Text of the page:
It was inevitable that defense contractors would embrace social media for R&D sooner or later. Mav6, a smallish aerospace outfit, is promoting a new platform called EdgeFuse that lets defense contractors, military personnel, and government employees trade relevant tweets and Instagram photos via smartphone--in short, a hybrid of Delicious and Pinterest. Will social networking build better weapons?
Mav6's senior vice president Gregg Sypeck seems to think so. Sypeck, a former IBM and Fujitsu consultant, works at a firm heavily staffed by Blackwater alums and military personnel with tech backgrounds. In an interview with Co.Exist, Sypeck described EdgeFuse as “a collection and ecosystem of various tools,” of which the smartphone app is only the first component. The company’s long-term goal, according to promotional materials, is to “provide defense contractors with a rich library of real problems worth solving.”
To date, Mav6 is best known for their work on a gigantic missile-equipped spy blimp, the Blue Devil II, that David Axe of Wired's Danger Room blog detailed got caught in a convoluted tug-of-war with the Air Force and other defense contractors. Mav6 is currently working on deals with other branches of the American military, as well as international organizations like NATO. The University of Colorado Boulder’s Boulder Digital Works (BDW) is partnered with Mav6 on the EdgeFuse project, along with digital strategy firm Undercurrent and designers Future Partners.
In basic terms, Mav6 is trying to leverage social networking to create a collaboration platform for engineers, researchers, and sales teams at defense contractors that also lets military users comment on functionality. Longer-term plans for the project include integration with LinkedIn and Facebook’s APIs. EdgeFuse, which will launch in beta in September 2012, will also reward users with “points” for sharing information. By creating a secure social network for defense contractors, the idea is that visual sharing for the field as a whole will drive R&D costs downwards.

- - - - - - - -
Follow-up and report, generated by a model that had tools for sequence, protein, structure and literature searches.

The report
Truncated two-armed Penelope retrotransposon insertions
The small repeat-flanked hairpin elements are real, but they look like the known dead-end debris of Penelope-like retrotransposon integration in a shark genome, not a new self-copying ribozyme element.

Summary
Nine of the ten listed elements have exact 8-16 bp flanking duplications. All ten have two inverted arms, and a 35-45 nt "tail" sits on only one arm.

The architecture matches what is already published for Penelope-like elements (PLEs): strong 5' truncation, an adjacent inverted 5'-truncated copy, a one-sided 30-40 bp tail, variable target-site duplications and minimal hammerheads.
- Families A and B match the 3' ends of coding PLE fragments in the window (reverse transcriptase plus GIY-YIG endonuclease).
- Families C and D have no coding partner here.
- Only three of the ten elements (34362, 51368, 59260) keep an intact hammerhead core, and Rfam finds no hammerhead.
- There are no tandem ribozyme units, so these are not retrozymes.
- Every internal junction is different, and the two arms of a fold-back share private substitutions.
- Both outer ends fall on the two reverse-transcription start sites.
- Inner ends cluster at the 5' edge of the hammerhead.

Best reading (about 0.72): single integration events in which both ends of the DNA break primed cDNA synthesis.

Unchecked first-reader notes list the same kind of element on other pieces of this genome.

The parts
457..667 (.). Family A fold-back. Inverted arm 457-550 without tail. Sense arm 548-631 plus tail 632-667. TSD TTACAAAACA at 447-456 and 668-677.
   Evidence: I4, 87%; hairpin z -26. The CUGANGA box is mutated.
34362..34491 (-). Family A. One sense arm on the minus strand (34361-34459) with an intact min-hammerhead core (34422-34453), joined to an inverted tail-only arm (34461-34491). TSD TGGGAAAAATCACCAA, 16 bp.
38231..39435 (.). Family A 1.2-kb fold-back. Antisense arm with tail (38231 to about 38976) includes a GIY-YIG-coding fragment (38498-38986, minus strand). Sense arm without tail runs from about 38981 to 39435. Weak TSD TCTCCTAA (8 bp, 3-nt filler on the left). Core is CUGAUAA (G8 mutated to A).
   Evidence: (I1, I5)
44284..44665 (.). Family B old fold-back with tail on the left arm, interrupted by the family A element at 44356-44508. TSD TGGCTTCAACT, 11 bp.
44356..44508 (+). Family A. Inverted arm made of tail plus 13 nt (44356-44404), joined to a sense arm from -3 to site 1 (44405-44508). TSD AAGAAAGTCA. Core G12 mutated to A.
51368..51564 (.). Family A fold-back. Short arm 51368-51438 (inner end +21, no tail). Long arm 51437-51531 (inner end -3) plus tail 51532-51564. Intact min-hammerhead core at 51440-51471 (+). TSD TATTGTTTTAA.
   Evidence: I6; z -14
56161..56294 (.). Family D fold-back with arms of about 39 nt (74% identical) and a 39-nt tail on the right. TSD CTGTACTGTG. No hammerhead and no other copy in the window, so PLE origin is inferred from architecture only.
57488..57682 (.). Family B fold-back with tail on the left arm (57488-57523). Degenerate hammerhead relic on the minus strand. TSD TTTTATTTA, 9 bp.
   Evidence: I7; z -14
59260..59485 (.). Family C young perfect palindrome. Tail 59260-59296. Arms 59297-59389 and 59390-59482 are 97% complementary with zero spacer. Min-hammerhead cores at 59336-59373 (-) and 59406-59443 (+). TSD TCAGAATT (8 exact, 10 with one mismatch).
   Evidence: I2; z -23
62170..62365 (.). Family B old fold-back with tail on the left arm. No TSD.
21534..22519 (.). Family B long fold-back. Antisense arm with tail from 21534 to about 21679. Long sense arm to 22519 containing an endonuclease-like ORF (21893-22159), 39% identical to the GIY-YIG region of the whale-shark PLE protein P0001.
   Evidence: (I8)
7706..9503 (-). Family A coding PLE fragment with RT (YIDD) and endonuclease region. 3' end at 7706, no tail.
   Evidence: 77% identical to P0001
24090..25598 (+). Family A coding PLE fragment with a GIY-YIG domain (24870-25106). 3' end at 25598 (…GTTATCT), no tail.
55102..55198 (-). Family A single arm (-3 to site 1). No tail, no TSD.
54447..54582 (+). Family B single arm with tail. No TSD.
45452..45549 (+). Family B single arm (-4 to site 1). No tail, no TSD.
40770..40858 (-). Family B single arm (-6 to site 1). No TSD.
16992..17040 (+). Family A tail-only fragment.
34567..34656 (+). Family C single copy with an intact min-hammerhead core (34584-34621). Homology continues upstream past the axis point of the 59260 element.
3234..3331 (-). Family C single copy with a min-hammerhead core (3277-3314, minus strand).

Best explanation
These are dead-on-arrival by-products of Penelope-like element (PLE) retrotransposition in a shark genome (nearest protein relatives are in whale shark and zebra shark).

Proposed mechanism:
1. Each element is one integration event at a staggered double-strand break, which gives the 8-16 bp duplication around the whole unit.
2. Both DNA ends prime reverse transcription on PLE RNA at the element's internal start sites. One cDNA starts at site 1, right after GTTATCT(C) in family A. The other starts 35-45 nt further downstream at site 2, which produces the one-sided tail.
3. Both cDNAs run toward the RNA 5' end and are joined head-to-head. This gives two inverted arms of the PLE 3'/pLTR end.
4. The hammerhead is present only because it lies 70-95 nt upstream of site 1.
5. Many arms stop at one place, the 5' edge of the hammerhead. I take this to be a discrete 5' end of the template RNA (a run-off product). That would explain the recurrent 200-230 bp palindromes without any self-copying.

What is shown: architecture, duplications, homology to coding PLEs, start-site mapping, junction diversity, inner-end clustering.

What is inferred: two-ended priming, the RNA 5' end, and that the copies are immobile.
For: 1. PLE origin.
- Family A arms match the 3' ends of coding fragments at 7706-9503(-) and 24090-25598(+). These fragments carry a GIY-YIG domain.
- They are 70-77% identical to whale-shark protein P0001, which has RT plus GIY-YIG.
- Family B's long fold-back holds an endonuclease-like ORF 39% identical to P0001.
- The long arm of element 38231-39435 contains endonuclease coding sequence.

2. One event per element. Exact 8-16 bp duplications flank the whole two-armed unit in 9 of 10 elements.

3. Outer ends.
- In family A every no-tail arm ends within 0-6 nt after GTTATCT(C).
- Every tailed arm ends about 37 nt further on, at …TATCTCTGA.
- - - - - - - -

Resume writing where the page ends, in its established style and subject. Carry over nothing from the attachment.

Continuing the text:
According to BDW’s David Slayden, EdgeFuse allows Mav6 to “hack the defense acquisition bureaucracy” by connecting military end-users with ideas generated outside of the military by start-ups, small businesses, innovators, and entrepreneurs. Future apps developed by graduate students in the BDW program for Mav6 include a ”What’s F**kin’ Broken” tool that allows troops to enter problems with the equipment they’re using and watch the progress of their complaint ticket.
For Mav6, the primary motivation behind EdgeFuse appears to be the unoccupied niche for collaboration platforms in the defense industry. Due to very specific security requirements and issues related to everything from the use of personal smartphones for work to preserving trade secrets, collaborative platforms for defense contractors have lagged behind those in most other scientific sectors. Defense contractors have money to throw around; a smartphone-based collaborative tool that meets Bring Your Own Device (BYOD) scrutiny could be very lucrative indeed.
Most importantly, targeting defense contractors and the third-party firms that do business with them is good business for Mav6 and other small- and medium-sized defense contractors. The United States’ defense budget has entered a new phase of belt tightening, with savings goals made for most military branches that almost guarantee a clampdown on super-lucrative contracts. Selling the defense industry on social networks and collaborative tools that have been around the private sector for a while simply makes good business sense.